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The Earl of Clanwilliam: Will my noble friend clarify a point for me? I do not wish in any way to criticise the amendment moved by the noble Baroness but she mentioned that there were 150,000 occupational pension schemes, of which 90 per cent. have only 11 members. Has my noble friend any information as to how many of those schemes in the 90 per cent. are director occupational pension schemes which do not include any worker element at all?

Lord Mackay of Ardbrecknish: I am not sure whether the information for which my noble friend asks is available and I certainly do not have it at the moment. However, I shall look into the matter as I saw the direction in which he was heading. With this amendment we are talking about schemes of a reasonable size; I shall not quantify the number of people covered. It may not be many; and it involves people who are not directors but employees of a firm.

The amendments proposed by the noble Baroness all relate to the authority's power to appoint trustees. The security of pension rights depends crucially upon the integrity and diligence of the trustee. If trustees put that security at risk by failing to comply with their statutory duties, there must be a power to appoint a trustee where it is necessary to ensure that the scheme is properly run. I do not believe that there will be any dispute between us about that.

First, Amendment No. 29 is unnecessary. If the authority is satisfied that trustees have seriously or persistently breached any of their responsibilities under Part I of the Bill, including those to implement the requirements relating to member nominated trustees, it

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is able to remove those trustees. Clause 6 allows the authority to appoint a trustee to a scheme where it has taken action to remove a trustee. So I hope that when the noble Baroness reads what I have said on her amendment, she will realise that Amendment No. 29 is, in our view, unnecessary.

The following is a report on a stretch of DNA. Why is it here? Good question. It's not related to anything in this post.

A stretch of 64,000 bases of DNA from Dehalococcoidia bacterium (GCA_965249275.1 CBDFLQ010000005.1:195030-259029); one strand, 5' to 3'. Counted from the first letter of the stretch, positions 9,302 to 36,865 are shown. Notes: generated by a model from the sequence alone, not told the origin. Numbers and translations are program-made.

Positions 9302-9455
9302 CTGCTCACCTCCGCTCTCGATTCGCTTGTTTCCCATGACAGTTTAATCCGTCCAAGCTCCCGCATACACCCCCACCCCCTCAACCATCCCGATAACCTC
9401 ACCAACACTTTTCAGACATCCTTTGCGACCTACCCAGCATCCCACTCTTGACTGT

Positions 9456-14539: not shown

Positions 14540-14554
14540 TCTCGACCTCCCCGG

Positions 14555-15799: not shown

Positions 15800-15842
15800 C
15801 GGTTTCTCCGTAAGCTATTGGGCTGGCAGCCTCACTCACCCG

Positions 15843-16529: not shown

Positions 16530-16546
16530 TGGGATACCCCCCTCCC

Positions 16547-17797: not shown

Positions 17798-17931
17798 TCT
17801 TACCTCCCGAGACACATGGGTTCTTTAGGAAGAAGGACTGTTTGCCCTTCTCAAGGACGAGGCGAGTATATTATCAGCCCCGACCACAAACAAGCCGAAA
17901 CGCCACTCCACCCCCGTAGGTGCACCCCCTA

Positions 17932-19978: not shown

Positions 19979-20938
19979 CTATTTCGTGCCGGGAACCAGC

Where the authority takes the serious step of appointing a trustee to a scheme, there may be significant problems with the scheme's administration. That will often be the case. It is important that we are able to set down minimum standards of experience, competence and integrity for those whom the authority is able to appoint. While Amendment No. 33 seeks to ensure that the field of candidates is not unduly limited, it may inadvertently prevent adequate minimum standards being set. I do not wish to accept that amendment to the Bill as it may weaken the powers of the regulatory authority when it comes to appoint a trustee for a pension scheme which may be in difficulty.

Amendment No. 34 proposes to set the period within which the appointment of a trustee has to be reviewed. I believe that it is an unnecessarily bureaucratic addition to the responsibilities of the authority and is not necessary.

On the general question of issuing regulations, we intend to issue them and will wish to consult on what will be in them before they are issued. I hope that with those explanations of what the Bill does and of the amendments, the noble Baroness will feel able to withdraw them.

Baroness Dean of Thornton-le-Fylde: I thank the Minister for that reply. On Amendment No. 29, I took a little comfort—I hope I was right in doing so—from the Minister's assurances that the Bill more or less provides what we were seeking. I shall read the Minister's words with care when I receive Hansard.

As regards Amendment No. 33, I was pleased to hear that the Minister has given an undertaking that there will be consultation. Can he give me an assurance that the consultation will be wide-ranging and include people who are at present member trustees of the funds of their organisations and that the consultation will not be restricted?